At its Investor Day meeting at the end of May, Sabadell confirmed that TSB will focus on mortgages. There will be “less appetite for consumer loans” and any new lending “will focus on lower risk and lower capital consumption products”. It seems that TSB is retreating into its core mortgage product at the expense of almost everything else. Whilst we have seen a boom in the housing market driven by home-movers looking for more space, that will not be sustainable in the medium term, especially when we get back to normality. The question left hanging by Sabadell’s Chief Executive, Cesar Gonzalez-Bueno, is what will TSB do then?
In TSB there will be a renewed emphasis on cutting more costs out of the business and that will inevitably mean more job cuts and branch closures. Interestingly, Nationwide recently announced that it was cutting 150 mortgage adviser jobs with more mortgages being done by video conferencing. In fact, things are so bad that TSB is closing the Savings Bank Museum in Rothwell. That was the site of the “penny bank” set up by Rev Henry Duncan in 1810. That’s a name TSB never mentions anymore.
Sabadell is by far the least efficient of Spain’s five largest banks, with a cost-to-income ratio for the fourth quarter of 2020 of 80.8% and because of that its future as a stand-alone bank remains in doubt, even after the announcement of its new strategy. The main function of the new strategy is to buy Sabadell a little bit more time to turn things around. This is highly relevant to TSB staff.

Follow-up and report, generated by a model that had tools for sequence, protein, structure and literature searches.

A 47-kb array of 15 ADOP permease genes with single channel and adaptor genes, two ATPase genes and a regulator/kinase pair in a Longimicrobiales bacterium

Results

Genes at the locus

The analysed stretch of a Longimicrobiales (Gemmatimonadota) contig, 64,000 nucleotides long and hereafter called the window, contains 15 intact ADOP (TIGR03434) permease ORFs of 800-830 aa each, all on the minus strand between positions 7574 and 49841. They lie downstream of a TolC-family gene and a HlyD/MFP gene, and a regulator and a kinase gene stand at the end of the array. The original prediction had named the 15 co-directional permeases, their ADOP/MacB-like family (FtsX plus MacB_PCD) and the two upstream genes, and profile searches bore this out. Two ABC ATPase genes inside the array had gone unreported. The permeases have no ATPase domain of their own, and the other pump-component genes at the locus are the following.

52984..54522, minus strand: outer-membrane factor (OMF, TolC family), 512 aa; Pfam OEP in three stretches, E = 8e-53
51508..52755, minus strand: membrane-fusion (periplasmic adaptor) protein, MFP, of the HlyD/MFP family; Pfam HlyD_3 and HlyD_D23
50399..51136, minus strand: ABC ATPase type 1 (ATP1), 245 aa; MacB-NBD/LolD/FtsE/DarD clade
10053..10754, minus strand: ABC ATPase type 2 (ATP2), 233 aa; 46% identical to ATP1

Whilst it wasn’t mentioned explicitly at the investor meeting, what’s clear is that Sabadell intends to sell TSB but only when the price is right. At the moment the price is not right and, to be honest, there aren’t many players interested in buying TSB. Sabadell has abandoned any ideas of becoming a main player in the UK banking industry and currently is happy to just survive as a bit player. This is the harsh truth; unpalatable though it will be to many staff.
TSB needs to get back to being a ‘challenger’ bank willing to take on the big five banks rather than simply cowering in the corner. We’ve said before that TSB staff want to be inspired but that’s something the current senior management team is failing to do, possibly because the real decisions are made in Spain. The Chief Executive inherited a ship that was already taking on water and isn’t to blame for the past, but she is going to need to find and be allowed to implement a new formula pretty quickly.
As things stand, Sabadell’s new strategy failed miserably to set out a convincing future for TSB. If anything, it’s made things worse, if that was possible. It’s not ‘Money Confidence’ TSB staff need, it’s confidence in the future. That is sadly lacking at the moment.
Members with any questions or comments should contact the Union’s Advice Team on 01234 716029 (choose Option 1).